Windows Store apps go through both automated tests and human
testing. The automated testing uses a process similar to what you
use on the client in the form of the WACK tool. This tool verifies the basics: does
it crash? does it have the right images? does it spin up in time?
No one likes to waste time by going through the submission and
certification process multiple times. Many apps also require
additional credentials or specific information that users of the
apps would normally have access to. This is one spot where we see
rejections that could be very easily avoided.
When submitting apps to the Windows Store there is a section
titled "Notes to testers". This section is absolutely crucial to
help ensure your app makes it through certification testing. In it,
you need to provide:
- Usage notes if the app's usage isn't obvious (also: reconsider
your UI if this is the case)
- Every userid/password required in the app. For example, I
recently saw an app where the initial login information was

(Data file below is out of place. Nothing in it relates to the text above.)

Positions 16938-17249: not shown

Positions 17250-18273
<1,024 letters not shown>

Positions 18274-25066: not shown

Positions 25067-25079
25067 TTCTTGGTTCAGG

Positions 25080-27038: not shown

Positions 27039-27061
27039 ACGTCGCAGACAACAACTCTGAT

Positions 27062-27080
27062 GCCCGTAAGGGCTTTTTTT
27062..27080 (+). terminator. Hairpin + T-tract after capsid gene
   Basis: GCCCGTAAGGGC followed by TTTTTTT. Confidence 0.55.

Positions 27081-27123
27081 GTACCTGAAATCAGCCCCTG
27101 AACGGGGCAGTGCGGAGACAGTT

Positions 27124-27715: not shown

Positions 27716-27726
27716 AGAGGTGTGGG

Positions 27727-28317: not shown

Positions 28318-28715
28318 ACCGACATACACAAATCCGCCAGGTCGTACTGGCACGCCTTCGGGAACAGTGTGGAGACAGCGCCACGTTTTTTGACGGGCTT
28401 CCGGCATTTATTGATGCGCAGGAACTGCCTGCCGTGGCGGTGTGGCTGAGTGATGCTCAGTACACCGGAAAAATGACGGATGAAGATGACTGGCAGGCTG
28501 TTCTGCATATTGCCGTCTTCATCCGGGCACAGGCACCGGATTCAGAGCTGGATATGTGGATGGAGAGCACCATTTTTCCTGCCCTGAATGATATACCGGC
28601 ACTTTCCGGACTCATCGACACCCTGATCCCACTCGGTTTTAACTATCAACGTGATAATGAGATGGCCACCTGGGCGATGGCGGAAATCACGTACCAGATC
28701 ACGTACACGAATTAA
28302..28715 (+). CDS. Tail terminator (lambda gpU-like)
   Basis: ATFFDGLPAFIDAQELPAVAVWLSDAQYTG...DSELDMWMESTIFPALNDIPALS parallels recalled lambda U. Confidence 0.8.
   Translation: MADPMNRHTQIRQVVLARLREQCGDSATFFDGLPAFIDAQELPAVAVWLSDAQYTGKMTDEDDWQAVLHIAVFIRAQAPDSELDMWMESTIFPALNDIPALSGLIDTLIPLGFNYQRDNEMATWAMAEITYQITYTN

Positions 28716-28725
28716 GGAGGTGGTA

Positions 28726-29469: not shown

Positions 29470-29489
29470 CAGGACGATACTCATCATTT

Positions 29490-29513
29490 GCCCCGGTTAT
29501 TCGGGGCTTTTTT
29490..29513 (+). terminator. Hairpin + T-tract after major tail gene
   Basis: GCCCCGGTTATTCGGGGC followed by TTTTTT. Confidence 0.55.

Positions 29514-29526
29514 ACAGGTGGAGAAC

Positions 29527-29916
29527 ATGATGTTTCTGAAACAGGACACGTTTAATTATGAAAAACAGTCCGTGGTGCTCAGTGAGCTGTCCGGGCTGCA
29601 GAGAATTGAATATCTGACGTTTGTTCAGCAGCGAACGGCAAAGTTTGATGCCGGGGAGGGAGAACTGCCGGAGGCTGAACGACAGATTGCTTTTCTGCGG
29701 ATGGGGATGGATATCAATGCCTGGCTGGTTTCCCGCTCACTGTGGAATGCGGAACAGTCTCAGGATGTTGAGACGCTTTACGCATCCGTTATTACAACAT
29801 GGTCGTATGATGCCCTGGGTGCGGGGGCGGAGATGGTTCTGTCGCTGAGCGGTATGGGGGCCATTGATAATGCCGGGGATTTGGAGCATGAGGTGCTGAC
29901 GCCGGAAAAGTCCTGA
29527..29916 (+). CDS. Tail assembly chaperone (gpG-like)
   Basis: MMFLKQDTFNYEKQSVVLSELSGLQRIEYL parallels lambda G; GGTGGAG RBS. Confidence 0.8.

provided, but the user needed a PIN to access an account beyond
that. You need to have test accounts set up for every part of the
app, and provide the information required to access them.
- Every piece of crucial test data to make it through a scenario.
(For example: if a phone number must be in a particular set of
area/country codes, provide that information)
- Ideally, don't make the tester create a new account. Give them
login credentials for a dedicated dummy account, pre-populated with
Remember, humans read the instructions. If you're unsure
what information is needed, give the app to a friend who has never
used your app (or the back-end services it uses) and ask them to go
through each page. Write down everything they ask you to provide,
and then include that in the notes.
For more information on submitting your apps to the store, see
the App submission checklist on MSDN.